Friday afternoons, my mother picked me up from school and we went shopping down the town. Out of our leafy suburb, down into the smoky jungle. Wondrous shops were there, full of dinky toys and pink ladies' corsets. But the poor were there too. Beyond the shops, all down to the river, they got poorer and poorer. In the lower depths they Drank, and had no drains; emptied their soapy washing-up water and worse straight into the furrows of yellow clay paths that trickled, in the end, into the black waters of the Tyne, iridescent with the sick beauty of oil and awash with broken fish boxes, where only the inedible blackjack swam, caught by boys who had no boots or shoes, and left lying to rot on the cobbled quays. Where dirty women hung out of windows and shouted incomprehensible things as you passed, and did incomprehensible things with sailors, then cut their throats as they slept and lifted their wallets and dropped their bodies straight into the river through trapdoors in their houses.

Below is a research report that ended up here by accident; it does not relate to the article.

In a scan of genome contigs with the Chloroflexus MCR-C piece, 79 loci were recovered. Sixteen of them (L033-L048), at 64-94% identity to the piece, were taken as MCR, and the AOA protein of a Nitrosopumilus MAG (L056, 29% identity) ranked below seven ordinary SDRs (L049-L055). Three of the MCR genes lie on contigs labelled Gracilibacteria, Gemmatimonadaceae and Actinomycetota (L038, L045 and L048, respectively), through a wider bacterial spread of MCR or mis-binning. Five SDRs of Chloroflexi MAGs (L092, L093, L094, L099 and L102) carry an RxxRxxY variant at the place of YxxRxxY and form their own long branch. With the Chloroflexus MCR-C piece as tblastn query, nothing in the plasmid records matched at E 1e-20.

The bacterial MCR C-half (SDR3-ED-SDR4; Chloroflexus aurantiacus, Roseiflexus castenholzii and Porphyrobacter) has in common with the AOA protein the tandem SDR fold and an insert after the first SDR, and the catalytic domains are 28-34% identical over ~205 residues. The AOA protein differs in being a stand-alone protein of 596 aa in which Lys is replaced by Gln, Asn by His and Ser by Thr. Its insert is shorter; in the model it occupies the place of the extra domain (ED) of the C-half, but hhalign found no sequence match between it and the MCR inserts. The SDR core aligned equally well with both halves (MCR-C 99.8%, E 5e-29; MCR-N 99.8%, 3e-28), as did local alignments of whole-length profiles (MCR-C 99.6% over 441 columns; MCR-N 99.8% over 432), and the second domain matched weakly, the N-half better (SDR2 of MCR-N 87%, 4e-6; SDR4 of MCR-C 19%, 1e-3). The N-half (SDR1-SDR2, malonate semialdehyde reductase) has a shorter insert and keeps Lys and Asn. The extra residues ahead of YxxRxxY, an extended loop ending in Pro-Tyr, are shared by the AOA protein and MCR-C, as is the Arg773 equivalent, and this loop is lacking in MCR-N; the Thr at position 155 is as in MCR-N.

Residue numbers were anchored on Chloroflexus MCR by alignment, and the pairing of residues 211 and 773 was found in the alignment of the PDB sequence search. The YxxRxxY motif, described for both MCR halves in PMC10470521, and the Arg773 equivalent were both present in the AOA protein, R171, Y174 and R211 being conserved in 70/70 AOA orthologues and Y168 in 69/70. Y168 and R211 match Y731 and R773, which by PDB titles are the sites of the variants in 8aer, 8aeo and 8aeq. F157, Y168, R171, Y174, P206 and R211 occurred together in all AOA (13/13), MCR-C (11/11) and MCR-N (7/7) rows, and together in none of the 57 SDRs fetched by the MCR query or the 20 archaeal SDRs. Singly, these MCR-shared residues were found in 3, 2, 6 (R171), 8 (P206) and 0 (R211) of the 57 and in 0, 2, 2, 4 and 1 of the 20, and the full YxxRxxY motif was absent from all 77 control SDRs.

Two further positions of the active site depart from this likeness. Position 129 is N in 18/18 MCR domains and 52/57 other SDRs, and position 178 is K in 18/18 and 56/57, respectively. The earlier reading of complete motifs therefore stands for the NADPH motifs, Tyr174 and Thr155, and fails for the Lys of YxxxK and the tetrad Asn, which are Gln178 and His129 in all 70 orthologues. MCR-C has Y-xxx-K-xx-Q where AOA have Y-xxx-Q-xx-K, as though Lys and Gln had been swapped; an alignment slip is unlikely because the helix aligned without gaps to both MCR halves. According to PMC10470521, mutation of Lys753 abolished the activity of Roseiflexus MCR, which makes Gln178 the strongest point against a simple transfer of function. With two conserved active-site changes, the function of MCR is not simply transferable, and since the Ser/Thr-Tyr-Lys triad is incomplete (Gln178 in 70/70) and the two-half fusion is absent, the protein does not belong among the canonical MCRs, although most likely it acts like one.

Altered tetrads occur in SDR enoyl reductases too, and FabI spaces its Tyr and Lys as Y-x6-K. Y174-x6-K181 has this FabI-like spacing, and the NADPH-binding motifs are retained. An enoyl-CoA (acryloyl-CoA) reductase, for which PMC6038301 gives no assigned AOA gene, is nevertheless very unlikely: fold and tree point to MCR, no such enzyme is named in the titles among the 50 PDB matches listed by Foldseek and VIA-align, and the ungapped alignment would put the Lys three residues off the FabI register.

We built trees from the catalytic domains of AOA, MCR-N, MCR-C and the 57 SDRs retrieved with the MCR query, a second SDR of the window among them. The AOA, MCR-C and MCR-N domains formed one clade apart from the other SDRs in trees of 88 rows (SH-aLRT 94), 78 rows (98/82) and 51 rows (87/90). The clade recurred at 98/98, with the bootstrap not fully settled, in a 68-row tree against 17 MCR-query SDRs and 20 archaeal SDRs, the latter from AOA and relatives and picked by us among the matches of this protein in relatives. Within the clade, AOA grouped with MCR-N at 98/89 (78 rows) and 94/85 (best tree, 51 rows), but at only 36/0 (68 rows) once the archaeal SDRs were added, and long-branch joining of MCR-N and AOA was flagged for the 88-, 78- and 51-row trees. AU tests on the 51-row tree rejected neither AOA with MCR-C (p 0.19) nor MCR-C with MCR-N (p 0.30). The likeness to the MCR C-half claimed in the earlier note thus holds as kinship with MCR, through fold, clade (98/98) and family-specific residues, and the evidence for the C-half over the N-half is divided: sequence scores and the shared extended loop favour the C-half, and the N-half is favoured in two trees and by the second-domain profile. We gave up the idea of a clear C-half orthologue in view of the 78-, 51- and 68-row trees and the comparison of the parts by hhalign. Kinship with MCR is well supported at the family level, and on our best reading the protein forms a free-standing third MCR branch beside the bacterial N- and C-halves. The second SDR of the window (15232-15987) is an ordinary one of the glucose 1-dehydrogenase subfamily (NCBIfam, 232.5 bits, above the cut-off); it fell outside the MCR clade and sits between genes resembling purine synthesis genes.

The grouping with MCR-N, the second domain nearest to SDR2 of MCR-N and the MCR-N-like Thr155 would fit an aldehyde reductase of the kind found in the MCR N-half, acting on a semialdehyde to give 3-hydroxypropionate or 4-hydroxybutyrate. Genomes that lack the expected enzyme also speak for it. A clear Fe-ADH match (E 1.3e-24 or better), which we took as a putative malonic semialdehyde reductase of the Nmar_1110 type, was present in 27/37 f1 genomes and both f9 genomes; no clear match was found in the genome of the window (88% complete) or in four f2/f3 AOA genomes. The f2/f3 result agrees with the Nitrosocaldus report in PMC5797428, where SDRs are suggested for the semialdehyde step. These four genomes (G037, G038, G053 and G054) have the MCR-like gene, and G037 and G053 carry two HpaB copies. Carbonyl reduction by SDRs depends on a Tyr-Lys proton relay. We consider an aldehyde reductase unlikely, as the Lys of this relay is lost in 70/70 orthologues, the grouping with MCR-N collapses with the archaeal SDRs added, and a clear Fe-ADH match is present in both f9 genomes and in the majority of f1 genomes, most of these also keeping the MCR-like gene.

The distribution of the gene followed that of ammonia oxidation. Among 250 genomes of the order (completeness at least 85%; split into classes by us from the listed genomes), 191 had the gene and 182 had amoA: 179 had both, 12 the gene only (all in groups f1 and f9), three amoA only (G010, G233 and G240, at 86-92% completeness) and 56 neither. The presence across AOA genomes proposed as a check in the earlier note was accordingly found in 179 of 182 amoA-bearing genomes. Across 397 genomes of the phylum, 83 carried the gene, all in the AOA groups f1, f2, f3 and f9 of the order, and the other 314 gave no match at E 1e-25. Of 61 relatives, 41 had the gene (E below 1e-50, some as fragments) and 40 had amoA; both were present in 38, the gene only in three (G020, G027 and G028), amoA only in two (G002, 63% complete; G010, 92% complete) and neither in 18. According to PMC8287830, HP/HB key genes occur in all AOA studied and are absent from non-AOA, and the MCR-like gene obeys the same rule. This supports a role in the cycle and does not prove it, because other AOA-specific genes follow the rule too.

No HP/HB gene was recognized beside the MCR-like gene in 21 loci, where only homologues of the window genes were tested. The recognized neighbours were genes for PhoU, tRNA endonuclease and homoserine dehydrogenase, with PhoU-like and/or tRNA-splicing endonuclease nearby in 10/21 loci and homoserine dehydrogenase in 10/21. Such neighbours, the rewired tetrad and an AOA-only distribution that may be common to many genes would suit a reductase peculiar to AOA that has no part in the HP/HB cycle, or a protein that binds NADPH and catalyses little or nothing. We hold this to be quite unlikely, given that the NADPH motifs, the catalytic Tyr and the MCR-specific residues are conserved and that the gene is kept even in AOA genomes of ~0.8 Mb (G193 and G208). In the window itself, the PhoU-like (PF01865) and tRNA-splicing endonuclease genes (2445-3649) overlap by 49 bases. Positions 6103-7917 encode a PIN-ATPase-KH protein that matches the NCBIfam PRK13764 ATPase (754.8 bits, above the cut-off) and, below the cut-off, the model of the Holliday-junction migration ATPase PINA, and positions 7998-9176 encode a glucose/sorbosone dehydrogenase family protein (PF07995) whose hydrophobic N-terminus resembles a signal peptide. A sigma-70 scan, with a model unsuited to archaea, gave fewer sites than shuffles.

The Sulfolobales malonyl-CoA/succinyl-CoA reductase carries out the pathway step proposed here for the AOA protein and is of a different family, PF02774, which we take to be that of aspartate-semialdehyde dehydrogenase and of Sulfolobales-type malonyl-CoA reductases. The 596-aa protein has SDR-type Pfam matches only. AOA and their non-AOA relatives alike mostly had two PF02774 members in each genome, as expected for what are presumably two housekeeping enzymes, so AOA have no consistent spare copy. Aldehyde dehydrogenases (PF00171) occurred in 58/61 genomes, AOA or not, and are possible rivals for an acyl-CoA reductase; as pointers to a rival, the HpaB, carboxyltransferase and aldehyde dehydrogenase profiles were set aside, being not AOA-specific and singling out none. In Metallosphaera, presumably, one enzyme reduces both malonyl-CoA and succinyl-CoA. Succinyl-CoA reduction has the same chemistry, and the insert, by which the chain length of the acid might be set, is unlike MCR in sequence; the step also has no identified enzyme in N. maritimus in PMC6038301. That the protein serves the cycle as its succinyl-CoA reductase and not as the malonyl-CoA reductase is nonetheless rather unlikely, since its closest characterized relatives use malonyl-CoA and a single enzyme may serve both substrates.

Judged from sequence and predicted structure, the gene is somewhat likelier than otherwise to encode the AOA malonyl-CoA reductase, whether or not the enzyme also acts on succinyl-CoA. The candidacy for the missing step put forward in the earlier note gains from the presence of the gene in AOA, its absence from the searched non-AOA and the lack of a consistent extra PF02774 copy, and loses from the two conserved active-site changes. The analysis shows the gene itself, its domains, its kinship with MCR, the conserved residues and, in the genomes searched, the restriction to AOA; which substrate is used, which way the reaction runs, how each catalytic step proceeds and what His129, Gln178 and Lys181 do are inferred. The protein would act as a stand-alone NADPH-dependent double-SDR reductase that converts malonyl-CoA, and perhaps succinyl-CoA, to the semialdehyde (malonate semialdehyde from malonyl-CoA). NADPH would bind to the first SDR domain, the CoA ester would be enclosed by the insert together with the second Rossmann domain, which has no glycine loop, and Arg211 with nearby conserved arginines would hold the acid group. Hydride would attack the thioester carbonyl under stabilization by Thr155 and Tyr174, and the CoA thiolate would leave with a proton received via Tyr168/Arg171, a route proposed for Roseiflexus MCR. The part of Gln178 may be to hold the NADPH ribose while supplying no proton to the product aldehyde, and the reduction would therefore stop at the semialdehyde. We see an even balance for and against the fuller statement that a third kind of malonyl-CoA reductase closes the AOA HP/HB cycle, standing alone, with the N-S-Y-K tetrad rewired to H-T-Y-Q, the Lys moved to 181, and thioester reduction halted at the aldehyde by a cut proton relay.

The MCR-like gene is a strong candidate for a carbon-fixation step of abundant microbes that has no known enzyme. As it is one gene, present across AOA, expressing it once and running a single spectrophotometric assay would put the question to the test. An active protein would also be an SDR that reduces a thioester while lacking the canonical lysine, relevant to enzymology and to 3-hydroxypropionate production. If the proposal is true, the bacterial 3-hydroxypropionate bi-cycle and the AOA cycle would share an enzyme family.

I don't remember how old I was. I know I had sadly abandoned hope of dragons. I had checked for wolves under the stairs and found only a sack of musty potatoes, and a meter with the faint exciting whiff of gas. But there were still monsters. The lamplighter walking in front of us was a minor wizard. He put up his long pole to the gas lamps and created darkness. It was broad daylight till the gas lamps flared instantly, night gathering around them like smoke. My own headmaster was a fabulous monster of sorts. Tiny, bent, wizened and silver-haired, we loved him. But the boys said that he had once been a six-foot sergeant major in the Welsh Guards, broad as a house with a voice like a bull. Till the gas got him, in the Battle of the Somme. And down the town there were much more satisfying monsters like Happy Ralph, who lurked at the bottom of Borough Road and rushed out at you with outstretched arms and incoherent cries, whether to embrace you or strangle you nobody ever lingered to find out. On Sundays, Happy Ralph went from church to church, roaming the aisles and terrifying the vicar in his pulpit and the spinsters in their pews.